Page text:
Caterpillars eat the leaves of trees and bushes, and some types of caterpillars eat other parts of plants as well, such as the flowers, seeds or fruits. Their voracious appetites can do enormous harm—in large numbers caterpillars can virtually defoliate trees or bushes.
What to do: If you see lots of caterpillars on one of your trees or in bushes—or many of the plant’s leaves are riddled with holes where caterpillars have dined—spray a bacteriological parasite known as Bacillus thuringiensis, often called “Bt,” onto the plant. This bacterium is deadly to almost all common types of caterpillars, but when used as directed, it is harmless to people and animals. Brand names include DiPel (about $25 for a one-pound bag of DiPel Pro DF) and Thuricide (about $9 for an eight-ounce bottle).
Root weevils are beetles, but they start life under the soil as larvae feeding on plant roots, often doing tremendous damage. Adult root weevils climb up the plants to feed on their leaves—you may notice notches along leaf edges. Bushes and trees that can be victimized include azalea, hemlock, lilac, privet, rhododendron, spruce, yew and many more.
Unlike with many beetles, with weevils you’re more likely to notice the notches they eat out of leaf edges than you are to see the insects themselves—even the adults live in the soil and come out mainly at night.
What to do: Apply beneficial nematodes to the soil surrounding affected trees and bushes, ideally in the spring. These are microscopic roundworms that get inside the gut of certain soil-dwelling insects including root weevils and then release a type of bacteria that’s deadly to these pests but harmless to people and animals. Purchase nematodes from an established seller such as Arbico Organics ($36 for NemaSeek, which contains five million nematodes—enough to treat up to 218 square feet). Confirm that the product you select specifically lists weevils among the pests it can control—different beneficial nematodes kill different insects.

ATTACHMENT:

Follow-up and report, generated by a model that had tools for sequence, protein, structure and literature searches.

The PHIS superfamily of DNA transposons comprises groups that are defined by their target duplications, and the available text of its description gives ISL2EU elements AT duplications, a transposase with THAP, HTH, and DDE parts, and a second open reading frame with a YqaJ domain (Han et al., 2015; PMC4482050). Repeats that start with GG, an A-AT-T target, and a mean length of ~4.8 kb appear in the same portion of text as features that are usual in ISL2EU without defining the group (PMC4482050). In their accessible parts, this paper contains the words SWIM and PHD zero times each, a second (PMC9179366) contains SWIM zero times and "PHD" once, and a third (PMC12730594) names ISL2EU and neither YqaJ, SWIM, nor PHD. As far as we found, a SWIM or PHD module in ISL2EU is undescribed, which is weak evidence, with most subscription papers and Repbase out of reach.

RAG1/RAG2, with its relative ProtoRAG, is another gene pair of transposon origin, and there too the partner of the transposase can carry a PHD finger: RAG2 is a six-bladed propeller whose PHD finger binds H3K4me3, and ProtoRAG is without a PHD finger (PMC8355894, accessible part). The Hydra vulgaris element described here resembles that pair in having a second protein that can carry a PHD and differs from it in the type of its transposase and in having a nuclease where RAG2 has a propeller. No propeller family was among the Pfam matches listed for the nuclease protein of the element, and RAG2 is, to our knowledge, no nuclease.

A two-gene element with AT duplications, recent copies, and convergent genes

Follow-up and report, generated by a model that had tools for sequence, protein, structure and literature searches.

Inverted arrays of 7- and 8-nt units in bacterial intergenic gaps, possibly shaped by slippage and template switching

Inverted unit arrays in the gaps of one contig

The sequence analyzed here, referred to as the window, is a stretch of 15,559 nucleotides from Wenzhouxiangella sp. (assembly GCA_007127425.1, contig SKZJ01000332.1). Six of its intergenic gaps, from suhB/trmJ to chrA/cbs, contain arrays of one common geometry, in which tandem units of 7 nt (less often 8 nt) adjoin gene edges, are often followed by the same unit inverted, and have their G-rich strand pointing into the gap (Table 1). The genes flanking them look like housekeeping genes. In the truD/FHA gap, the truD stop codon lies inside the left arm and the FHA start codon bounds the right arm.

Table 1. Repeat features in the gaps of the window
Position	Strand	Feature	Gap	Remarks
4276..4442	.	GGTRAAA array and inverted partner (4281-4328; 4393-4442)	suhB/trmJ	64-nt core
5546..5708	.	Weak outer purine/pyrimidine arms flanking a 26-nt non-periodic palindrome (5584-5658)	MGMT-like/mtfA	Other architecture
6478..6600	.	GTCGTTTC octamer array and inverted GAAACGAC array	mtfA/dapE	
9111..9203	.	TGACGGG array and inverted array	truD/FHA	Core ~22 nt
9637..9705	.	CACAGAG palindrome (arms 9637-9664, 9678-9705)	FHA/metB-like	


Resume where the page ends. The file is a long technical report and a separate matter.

There’s one strategy that will greatly reduce the risk to your trees and bushes from an extremely wide range of different pests and diseases—but it’s a solution that’s best implemented before your plants are even in the ground.
Position trees and bushes so that their branches will not touch other trees and bushes of the same species even when they reach their full, mature size. (The nursery where you purchase your trees and bushes, or your landscaper, can tell you how wide a particular tree or shrub will grow.) Or better yet, don’t position plants of the same species anywhere near one another in your yard.
Many pests and diseases affect only a very small percentage of plants. As long as a tree or shrub is not near another of the same type, pest and disease problems tend to remain contained—one of your plants might develop a problem, but it’s unlikely to spread to the rest of your landscaping.